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History Of African American Art

History Of African American Art

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Original - Oil / gold foil on canvas
24" x 48"

The idea for this painting came about from a discussion about art and how old it really is. When did the first man put an image onto a surface? I decided to research for this and gather information. Once I had some answers, I began a layout process through sketches.

This painting is an historical time progression of the African American artist from the ancestral beginning into the future.  I use a string with knots, called a story line, to weave this story together.  In Australian Aborigine tradition, the story of each tribe is committed to memory and recited by the shaman using a knot and its place on a string to jog his memory. The Aborigines claim to have the entire story of man from the beginning of time in the form of oral history.

In the beginning, Original Man came out of Africa and populated the earth. They recorded their presence in the form of visual art carved into rocks and painted with minerals onto the walls of caves. Scientific research has brought to light one repeating design used by the Aborigines. It is the star burst representing the one Supreme God of the world.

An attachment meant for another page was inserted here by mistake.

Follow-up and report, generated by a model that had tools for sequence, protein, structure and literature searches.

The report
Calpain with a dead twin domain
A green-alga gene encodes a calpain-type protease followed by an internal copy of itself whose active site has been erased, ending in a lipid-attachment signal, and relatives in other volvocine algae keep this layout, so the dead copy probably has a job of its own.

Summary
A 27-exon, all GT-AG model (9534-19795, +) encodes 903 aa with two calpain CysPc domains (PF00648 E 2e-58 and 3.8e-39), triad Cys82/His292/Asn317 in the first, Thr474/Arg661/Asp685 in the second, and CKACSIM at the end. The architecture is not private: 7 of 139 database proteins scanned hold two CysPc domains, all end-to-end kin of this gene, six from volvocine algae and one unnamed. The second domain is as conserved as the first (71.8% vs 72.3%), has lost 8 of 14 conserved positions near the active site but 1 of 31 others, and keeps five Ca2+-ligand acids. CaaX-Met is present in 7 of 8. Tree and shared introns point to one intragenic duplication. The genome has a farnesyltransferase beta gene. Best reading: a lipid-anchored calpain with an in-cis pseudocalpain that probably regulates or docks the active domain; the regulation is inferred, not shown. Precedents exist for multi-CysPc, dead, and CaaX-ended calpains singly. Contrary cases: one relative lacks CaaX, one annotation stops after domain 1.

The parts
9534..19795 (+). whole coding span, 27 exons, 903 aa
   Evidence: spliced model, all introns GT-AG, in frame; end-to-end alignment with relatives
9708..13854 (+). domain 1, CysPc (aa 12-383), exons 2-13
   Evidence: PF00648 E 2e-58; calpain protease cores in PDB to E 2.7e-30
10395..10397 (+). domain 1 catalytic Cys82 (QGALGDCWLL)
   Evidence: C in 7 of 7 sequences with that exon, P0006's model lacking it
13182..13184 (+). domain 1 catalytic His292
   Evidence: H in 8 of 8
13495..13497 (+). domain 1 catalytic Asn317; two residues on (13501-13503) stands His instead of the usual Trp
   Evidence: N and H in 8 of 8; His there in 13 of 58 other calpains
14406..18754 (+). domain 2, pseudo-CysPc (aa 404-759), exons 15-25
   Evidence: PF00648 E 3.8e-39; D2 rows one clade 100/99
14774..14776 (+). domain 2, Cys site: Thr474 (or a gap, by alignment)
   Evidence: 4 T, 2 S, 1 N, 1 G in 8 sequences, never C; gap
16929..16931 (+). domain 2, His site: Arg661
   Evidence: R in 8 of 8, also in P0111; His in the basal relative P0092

The visual art records of the Egyptians show how our people evolved into thriving progressive civilizations with advanced art, mathematics, science, medicine, engineering and spirituality. They also used the sun to represent one supreme God.  In Middle Africa people used the arts in sculpture, wood carving, metallurgy, textile weaving, and décor to express their culture. The Gye-Nyame is an African adinkra design representing “One God” which comes from the Akhan proverb, “No one lives who saw the creation and no one lives to know the end, except God.”

When Africans were kidnapped to America in the slave trade, their spirituality was the one thing that helped them through the hard times. Art in the church was allowed to tell stories and the symbol of the cross represented the one Supreme God. As we gained our freedom from slavery, our art became more representative of our culture, struggles, times, and life style.

African American artists today, represented by my self portrait, continue to grow and evolve with more freedom of style and application.  Doves carry the story line to future generations of African American visual artists.


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